"That is a good boy. You are a fine, manly little fellow. Two thousand verses is a very, very great many. And you never can be sorry that you learned them. Learning makes great men and good men. You will be a great man and a good man some day, Thomas. Then you will remember this day. Then you will be glad that you went to Sunday school. Now, Thomas, tell me and this lady some of what you have learned in your Bible verses. We are proud of little boys who learn. Now, you know the names of the twelve great followers of Jesus Christ. Tell us the names of the first two."

Tom's face became red and he looked down at his feet.

The teacher knew that Tom could not answer. But he felt that he must speak. He said: "Answer the gentleman, Thomas. Do not be afraid."

Tom said nothing.

"Surely you will tell me," said the lady. "The names of the first two followers of Jesus Christ were -"

Tom remembered two names from the Bible. He did not remember who the people were, or what they had done. But the two names were always together. He shouted them now: "DAVID AND GOLIATH!"

But David and Goliath had not been among the twelve great followers of Jesus Christ. Their story was in a different part of the Bible. David was a boy and Goliath was a man of very great size and strength. They were enemies. And David had killed Goliath.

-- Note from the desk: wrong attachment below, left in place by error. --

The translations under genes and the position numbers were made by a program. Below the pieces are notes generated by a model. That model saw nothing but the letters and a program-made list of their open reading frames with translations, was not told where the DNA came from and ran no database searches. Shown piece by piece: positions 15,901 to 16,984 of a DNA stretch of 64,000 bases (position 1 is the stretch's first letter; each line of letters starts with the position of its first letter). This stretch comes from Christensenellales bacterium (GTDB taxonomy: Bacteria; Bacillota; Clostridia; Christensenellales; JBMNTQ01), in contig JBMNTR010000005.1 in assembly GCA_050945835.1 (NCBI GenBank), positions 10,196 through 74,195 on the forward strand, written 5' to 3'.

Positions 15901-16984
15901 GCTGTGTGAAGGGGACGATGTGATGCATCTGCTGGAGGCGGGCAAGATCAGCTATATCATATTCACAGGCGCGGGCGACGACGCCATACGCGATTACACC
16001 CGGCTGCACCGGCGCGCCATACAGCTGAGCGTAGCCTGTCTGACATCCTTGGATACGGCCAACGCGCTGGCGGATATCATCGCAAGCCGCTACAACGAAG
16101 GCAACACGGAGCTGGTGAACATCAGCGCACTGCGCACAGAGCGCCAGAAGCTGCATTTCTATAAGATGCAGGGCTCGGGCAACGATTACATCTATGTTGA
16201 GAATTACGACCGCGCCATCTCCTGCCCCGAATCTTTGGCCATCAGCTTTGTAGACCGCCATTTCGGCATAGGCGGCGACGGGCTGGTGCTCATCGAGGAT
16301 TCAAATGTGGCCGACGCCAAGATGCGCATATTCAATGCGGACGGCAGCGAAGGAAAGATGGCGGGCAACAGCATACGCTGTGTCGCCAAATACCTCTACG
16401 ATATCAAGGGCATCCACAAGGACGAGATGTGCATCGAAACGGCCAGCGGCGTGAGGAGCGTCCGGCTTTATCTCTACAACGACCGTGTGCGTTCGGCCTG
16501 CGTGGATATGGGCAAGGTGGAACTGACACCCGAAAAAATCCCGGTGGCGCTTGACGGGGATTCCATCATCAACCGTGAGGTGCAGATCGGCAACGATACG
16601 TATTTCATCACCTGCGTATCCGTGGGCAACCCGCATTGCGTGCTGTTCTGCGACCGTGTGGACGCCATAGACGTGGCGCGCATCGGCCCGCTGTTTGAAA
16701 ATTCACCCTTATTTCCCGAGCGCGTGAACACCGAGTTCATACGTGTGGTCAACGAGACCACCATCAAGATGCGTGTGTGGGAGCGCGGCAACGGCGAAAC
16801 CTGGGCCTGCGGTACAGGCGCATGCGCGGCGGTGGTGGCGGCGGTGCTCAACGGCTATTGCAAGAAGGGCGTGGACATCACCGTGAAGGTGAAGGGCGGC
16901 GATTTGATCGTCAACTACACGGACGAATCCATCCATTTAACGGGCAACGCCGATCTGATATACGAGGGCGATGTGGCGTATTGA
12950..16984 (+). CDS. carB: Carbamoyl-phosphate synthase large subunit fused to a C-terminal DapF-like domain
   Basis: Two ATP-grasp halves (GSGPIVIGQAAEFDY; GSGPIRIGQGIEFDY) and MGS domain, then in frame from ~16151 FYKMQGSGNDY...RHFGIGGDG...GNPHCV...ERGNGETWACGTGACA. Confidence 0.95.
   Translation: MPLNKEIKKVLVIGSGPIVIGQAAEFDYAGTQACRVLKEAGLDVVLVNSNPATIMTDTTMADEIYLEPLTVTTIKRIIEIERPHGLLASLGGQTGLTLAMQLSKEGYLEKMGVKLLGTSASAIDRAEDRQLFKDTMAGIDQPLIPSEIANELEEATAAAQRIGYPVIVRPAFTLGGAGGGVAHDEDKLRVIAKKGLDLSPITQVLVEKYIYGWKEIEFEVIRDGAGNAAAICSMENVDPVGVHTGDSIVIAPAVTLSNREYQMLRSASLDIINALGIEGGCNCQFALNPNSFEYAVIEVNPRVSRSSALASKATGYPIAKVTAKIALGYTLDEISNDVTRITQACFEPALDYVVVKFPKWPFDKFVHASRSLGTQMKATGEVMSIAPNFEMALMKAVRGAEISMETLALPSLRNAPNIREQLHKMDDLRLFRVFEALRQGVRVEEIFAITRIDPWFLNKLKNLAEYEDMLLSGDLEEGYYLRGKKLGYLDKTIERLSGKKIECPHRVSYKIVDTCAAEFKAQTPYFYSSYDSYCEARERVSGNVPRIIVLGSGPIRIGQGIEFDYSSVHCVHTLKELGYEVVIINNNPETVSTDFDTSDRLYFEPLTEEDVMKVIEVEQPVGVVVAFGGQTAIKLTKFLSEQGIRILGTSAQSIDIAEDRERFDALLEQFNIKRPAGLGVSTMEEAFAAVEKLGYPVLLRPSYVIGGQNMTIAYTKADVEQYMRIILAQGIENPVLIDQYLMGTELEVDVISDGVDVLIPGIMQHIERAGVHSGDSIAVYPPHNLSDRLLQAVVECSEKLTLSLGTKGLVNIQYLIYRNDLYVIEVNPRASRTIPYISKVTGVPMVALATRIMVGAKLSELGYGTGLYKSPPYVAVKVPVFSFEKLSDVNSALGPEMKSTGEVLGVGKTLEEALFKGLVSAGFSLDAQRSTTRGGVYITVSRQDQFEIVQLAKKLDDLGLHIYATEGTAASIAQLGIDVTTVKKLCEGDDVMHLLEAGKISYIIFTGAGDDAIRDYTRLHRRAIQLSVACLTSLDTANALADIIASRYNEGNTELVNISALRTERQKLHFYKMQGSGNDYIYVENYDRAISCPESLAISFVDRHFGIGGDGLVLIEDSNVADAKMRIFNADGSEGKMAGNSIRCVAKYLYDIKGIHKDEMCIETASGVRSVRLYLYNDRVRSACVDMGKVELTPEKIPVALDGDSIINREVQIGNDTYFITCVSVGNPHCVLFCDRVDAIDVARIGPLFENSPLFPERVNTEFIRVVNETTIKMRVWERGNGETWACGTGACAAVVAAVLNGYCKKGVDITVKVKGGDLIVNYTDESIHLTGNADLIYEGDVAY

Let us be kind enough to look away from the rest of this scene of Tom Sawyer in Sunday school.

Chapter 5: In Church

The bell of the small church began to ring. The people began to gather to hear Mr. Sprague speak to them. Mr. Sprague spoke to them in church every Sunday and prayed with them.

The Sunday-school children now sat with their fathers and mothers, who would try to keep them quiet. Aunt Polly came, and Tom and Sid and Mary sat with her. Tom was placed as far as possible from the open window and the interesting summer scenes outside.

Other people came in and went to their seats. There were the old and poor. There were the middle-aged. There were the pretty girls in bright summer clothes, and the young men, with their eyes following the girls. There was Mrs. Douglas, whose husband died. She was rich and good-hearted, and she lived in the big house on Cardiff Hill. There was Mufferson, the "Good Boy" of the village. He came to church with his mother. All the other mothers talked of his goodness. All the other boys did not like him.

Now the bell was heard again, and then the church became very quiet. They were ready to begin.

They began with a song. After the song, Mr. Sprague read a very long list of meetings to come in the following week. Then he prayed.

He prayed for many things and for many people. He prayed for the church, and for the little children of the church, and for the other churches of the village, and for the village, and then for the whole country, and for the Government, and then for people of far countries.

Tom did not enjoy hearing Mr. Sprague pray, but he knew he must remain quiet.

While Mr. Sprague prayed, a flying bug stopped on the back of the seat in front of Tom. It moved its front legs together, one over the other. It put them around its head and seemed to pull until Tom thought that the head would separate from the body. It used its back legs to clean its wings. And it did all this slowly as if knowing that it was safe. And indeed it was safe. Tom did not dare to reach for it. He believed that his soul would be destroyed suddenly if he did such a thing while Mr. Sprague was praying.